The value of hafrashat challah in a state of impurity in the absence of a Mikdash, and an approach toward public hafrashat challah events - Matan - The Sadie Rennert

The value of hafrashat challah in a state of impurity in the absence of a Mikdash, and an approach toward public hafrashat challah events Rabbanit Dr. Adina Sternberg

Av 5782

Topic : Challa , Shayla , Kashrut ,


Over the last generation, events dedicated to the mitzvah of hafrashat challah have become more and more popular. Women often arrange these events as a protective ritual (a ‘segula’), deliberately baking with large quantities of dough so they can perform the mitzvah. I have been wondering about this custom, since I feel it is strange to deliberately obligate myself in a mitzvah that cannot be performed to its fullest extent: since ritual impurity affects both the people and the dough, the challah cannot be given to a Kohen, and is burnt instead. Is it really a mitzvah to do hafrashat challah and burn or throw out the dough?


The deliberation regarding performing hafrashat challah in a state of impurity is addressed in the Mishnah (Challah 2:3):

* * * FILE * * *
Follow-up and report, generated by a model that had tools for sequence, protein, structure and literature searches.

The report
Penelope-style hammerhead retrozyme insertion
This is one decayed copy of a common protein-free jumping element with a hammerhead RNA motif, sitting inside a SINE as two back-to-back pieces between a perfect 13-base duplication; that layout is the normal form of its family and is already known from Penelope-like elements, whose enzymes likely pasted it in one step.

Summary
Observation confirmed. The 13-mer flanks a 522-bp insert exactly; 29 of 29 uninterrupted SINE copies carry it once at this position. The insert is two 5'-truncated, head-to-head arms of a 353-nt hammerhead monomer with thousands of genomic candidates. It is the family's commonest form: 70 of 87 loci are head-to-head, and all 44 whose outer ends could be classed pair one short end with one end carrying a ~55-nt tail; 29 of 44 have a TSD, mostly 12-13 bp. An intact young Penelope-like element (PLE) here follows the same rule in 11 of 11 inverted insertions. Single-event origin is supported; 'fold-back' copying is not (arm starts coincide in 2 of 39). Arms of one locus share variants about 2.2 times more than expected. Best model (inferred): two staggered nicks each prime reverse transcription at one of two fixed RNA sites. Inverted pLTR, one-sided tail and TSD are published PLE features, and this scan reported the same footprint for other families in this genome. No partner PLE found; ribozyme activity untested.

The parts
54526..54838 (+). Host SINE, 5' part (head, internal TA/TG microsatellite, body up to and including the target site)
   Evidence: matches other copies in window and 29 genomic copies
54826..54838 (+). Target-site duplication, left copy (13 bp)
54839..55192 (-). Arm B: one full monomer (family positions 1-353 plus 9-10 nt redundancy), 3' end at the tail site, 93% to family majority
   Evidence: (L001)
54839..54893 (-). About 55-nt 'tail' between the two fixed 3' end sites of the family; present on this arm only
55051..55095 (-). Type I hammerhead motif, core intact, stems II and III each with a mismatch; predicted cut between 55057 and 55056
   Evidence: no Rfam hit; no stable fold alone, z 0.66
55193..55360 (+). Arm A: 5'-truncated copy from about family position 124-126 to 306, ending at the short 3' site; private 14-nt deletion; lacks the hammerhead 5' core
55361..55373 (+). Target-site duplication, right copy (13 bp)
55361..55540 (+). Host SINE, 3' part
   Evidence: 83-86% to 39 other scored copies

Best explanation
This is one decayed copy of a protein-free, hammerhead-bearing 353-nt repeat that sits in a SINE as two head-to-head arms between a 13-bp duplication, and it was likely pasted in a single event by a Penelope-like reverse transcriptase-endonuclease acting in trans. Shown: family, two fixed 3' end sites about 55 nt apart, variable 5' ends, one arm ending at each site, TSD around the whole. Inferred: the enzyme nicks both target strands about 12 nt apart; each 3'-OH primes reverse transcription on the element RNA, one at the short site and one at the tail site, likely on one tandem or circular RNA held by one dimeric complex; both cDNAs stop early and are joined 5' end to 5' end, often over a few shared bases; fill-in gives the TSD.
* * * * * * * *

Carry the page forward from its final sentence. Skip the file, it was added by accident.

If one is not able to make one’s dough in cleanness he should make it [in separate] kavs, rather than make it in impurity. But Rabbi Akiva says: let him make it in impurity rather than make it [in separate] kavs, just as he calls the clean, so too he calls the unclean; this one he calls challah with the Name, and the other he also calls challah with the Name, but [separate] kavs have no portion [devoted] to the Name.

According to the initial opinion in the Mishnah (Tanna Kamma / the Rabbis), it is preferable for one who is impure to prepare the dough in a way that does not obligate one in hafrashat challah, to prevent the challah from becoming impure. This can be achieved by preparing smaller quantities of dough, since there is no obligation to take challah from small amounts. Conversely, R. Akiva preferred to commit to taking challah even while impure, since this still results in a mitzvah devoted to God’s name. According to R. Akiva the act of taking challah for the sake of God’s name is more significant than the question of what will happen to the dough.

The Tosefta also cites the response to the initial opinion to R. Akiva (Challah 1:9):

They said to R. Akiva, we do not say to one: ‘come and perform a sin so you can merit from it,’ or ‘come destroy something so you can fix it.’